Looking at all the air bubble in the cured translucent resin, I'm going to assume those were not present when you mixed and before you poured the mixed resin into the mold? Again, no bubbles is what you want to aim for.

It's possible the resin and mold rubber are not reacting well with each other, but how does the cured resin look in the mixing cup? The resin which didn't make it into the mold will not have any contact with the mold rubber, so you can compare it to the resin inside the mold as a first troubleshooting step.

#12 Casey

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Posted 20 October 2012 - 10:12 AM

Thanks,
Since I don't know which type of resin I have, I can't tell you whether it is 90 or 180 second. I am stuck with what I have and need to learn how to deal with this stuff.


Mix a small amount of parts A & B, and leave it in the container. Time how long it takes to cure, and you will know what your working time is.

Also, what type of container are you mixing the A & B parts inside?

I will try another go, but with the addition of baby-powder and use the airing tube as a filler tube and the other way around, bot the airing and filler tube are on the highest point of the engine.


You want to fill at the lowest point if you're using a fill port and a vent(s). Even then, you have to consider how the air is escaping from the mold as it's being displaced by the liquid resin. You may need multiple vents at the high points so that you don't get trapped air bubbles.

#13 Greg Wann

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Posted 20 October 2012 - 10:19 AM

It might just be that the silicone and resin do not like one another.

#14 Art Anderson

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Posted 20 October 2012 - 12:40 PM

Your resin appears to have pretty serious moisture contamination--that is what causes those bubbles throughout your casting. That's indicative of a container that did not seal properly, or old resin.

Urethane resins are hygroscopic, meaning that in liquid form, they can and will absorb water vapor out of the surrounding air. I'm afraid your batch of resin may be rather liquid toast.

Speaking as one who's had that very thing happen a couple of times in my 12 years of resin casting, that's what I am seeing.

Art

#15 Ben

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Posted 20 October 2012 - 04:01 PM

That appears to be a fiberglass resin which is most likely why it remains sticky. It also appears to be very contaminated. Those tiny air bubbles should not be there and will constantly produce voids on your finished piece. I wish I could help you with what you have but I honestly think you'll be wasting your time trying to produce parts with it.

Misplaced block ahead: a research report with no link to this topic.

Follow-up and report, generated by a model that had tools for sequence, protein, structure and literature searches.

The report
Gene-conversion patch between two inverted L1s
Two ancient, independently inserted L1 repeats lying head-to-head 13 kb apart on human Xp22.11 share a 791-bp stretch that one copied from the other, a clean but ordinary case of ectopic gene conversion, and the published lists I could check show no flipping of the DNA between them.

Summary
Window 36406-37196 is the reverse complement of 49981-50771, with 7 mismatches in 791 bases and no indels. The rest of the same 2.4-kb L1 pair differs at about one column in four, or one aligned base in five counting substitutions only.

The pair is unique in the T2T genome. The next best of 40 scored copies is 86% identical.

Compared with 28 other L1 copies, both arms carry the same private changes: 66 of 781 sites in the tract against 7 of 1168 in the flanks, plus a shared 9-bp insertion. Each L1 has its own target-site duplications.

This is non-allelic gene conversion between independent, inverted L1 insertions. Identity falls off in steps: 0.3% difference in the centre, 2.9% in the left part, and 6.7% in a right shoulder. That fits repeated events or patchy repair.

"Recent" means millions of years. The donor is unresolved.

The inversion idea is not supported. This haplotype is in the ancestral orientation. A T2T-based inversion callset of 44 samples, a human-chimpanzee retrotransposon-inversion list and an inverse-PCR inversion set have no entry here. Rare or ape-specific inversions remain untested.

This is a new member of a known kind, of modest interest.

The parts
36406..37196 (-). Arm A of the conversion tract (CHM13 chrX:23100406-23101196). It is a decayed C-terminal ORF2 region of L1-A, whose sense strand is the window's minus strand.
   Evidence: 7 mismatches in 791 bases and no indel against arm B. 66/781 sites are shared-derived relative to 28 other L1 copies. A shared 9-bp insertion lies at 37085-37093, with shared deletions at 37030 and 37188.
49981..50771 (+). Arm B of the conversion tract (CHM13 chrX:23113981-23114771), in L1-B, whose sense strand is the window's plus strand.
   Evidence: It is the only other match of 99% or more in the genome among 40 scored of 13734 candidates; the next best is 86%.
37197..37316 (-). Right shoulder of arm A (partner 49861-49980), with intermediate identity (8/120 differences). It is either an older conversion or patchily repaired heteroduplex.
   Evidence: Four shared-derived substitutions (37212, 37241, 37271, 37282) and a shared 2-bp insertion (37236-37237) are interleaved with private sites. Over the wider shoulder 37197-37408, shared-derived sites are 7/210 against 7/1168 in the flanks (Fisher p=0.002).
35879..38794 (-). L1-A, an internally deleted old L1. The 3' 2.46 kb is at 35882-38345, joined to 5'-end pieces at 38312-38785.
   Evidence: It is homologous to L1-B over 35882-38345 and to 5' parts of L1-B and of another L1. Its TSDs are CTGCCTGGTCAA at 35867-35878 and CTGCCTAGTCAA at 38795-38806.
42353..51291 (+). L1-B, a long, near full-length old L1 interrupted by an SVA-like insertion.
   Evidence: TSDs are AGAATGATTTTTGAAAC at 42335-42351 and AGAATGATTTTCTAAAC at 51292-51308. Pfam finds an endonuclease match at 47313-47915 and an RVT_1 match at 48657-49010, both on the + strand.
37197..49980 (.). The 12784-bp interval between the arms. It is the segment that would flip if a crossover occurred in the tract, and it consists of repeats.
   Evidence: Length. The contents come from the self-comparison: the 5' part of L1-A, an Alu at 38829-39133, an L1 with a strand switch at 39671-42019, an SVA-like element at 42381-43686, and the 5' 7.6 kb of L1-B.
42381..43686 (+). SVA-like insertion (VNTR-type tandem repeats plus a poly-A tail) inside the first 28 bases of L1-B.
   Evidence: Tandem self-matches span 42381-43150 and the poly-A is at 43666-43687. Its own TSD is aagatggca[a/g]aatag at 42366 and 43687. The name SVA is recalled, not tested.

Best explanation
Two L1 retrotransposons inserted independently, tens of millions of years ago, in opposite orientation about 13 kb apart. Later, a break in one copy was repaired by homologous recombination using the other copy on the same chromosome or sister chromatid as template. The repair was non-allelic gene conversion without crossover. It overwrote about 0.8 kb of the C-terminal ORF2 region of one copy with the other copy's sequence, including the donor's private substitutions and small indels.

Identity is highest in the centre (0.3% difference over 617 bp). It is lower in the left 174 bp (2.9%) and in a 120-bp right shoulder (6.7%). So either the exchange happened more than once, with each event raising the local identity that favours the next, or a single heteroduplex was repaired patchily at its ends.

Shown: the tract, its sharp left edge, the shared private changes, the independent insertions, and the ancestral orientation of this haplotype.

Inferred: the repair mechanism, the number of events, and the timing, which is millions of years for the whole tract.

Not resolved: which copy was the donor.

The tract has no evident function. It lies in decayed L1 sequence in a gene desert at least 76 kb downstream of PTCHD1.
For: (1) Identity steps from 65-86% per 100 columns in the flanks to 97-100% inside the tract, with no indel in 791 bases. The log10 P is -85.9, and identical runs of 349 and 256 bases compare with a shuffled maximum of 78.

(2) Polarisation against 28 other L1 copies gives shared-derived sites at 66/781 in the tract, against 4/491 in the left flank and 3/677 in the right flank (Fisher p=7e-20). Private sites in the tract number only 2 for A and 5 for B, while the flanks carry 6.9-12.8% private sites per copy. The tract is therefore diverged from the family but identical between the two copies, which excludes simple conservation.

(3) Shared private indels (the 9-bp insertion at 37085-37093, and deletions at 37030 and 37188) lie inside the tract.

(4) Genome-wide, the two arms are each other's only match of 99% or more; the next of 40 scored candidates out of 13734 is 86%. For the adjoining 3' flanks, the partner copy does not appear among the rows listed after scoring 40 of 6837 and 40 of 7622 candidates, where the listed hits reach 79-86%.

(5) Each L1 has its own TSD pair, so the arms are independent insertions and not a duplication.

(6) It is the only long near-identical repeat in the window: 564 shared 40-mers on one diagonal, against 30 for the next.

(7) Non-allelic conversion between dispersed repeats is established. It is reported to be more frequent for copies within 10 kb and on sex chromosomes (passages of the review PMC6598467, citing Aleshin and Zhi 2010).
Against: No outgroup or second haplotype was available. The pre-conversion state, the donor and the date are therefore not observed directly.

#16 wisdonm

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Posted 21 October 2012 - 06:09 AM

Lownslow has got it right. Plug those valve cover vents, cut a pour vent in the oil pan and pour your engine upside down.

Othe things I do. Use a brush to paint all finely detailed mold surfaces with resin, before pouring the rest of the resin. I use a resin that cures in a hour. This gives bubbles a long time to work away from the outer surfaces and into the vents. I have also used a hand held back messager to vibrate the mold for a few minutes to shake out the trapped air bubbles.

#17 Mr mopar

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Posted 21 October 2012 - 06:19 AM

That resin looks like the wrong stuff to use , por-a-cast from bear metal co works good I use it all the time with a 2 1/2 min pot live gives you lots of time to work with and very little air bubbles .

#18 Art Anderson

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Posted 21 October 2012 - 01:20 PM

That appears to be a fiberglass resin which is most likely why it remains sticky. It also appears to be very contaminated. Those tiny air bubbles should not be there and will constantly produce voids on your finished piece. I wish I could help you with what you have but I honestly think you'll be wasting your time trying to produce parts with it.


Ben,

I had forgotten about fiberglas (polyester) resins! That's likely why the resin refuses to cure out "click hard" on the surface in contact with the rubber mold. Silicone RTV rubber will "leach out" the hardener from the resin in contact with the mold, leaving a thin layer of sticky, uncured resin right there. Years ago, like 30-35 years ago, I tried making model parts from polyester resin, and nothing I did would solve this problem.

Polyurethane resin, say such as Alumilite, doesn't have this problem.

In addition, a large, fairly complicated thing like the Merlin engine is far better cast as separate parts, just as they come in the plastic kit from where it came. That way, there are no vents that need be added to the molds, and no unsightly marring of visible, exposed surfaces either.

Art

#19 Art Anderson

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Posted 21 October 2012 - 01:25 PM

so, I am new to this. First I made a mold, which was surprisingly easy and looks pretty good to me. But then the problems start as I wanted to make resin copy's.

My first attempt went not so good because, after filling the filler hole, when curing the resin pulled back and I don't have a left valvecover, plus a lot of airbubbles.

My second atttempt isn't much better, still missing my valvecover and even though it has some more detail, it still doesn't look good.
Both times, the resin looks like honey (color wise) and stays stickey, even after 8 hours in the mold. I tried to make a 1:1 mixing ratio based on weight and 1:1 mixing ratio on volume, but both with the same result.

I inject my resin via a spout(?) and have 2 shafts in the top of the mold, one to release air or so I thought and one to fill. I will add pictures later.

Please help me to understand resin and how I can make a decent copy.


The quick way to tell if your resin is "polyester" is the odor of it. Polyester resin will smell just like the 2-part body putty used in shops that repair dented sheetmetal on real cars--that putty is polyester based.

I'm pretty certain that you can access urethane or polyurethane resin in The Netherlands--there is quite a bit of resin casting done in Europe for model builders.

Art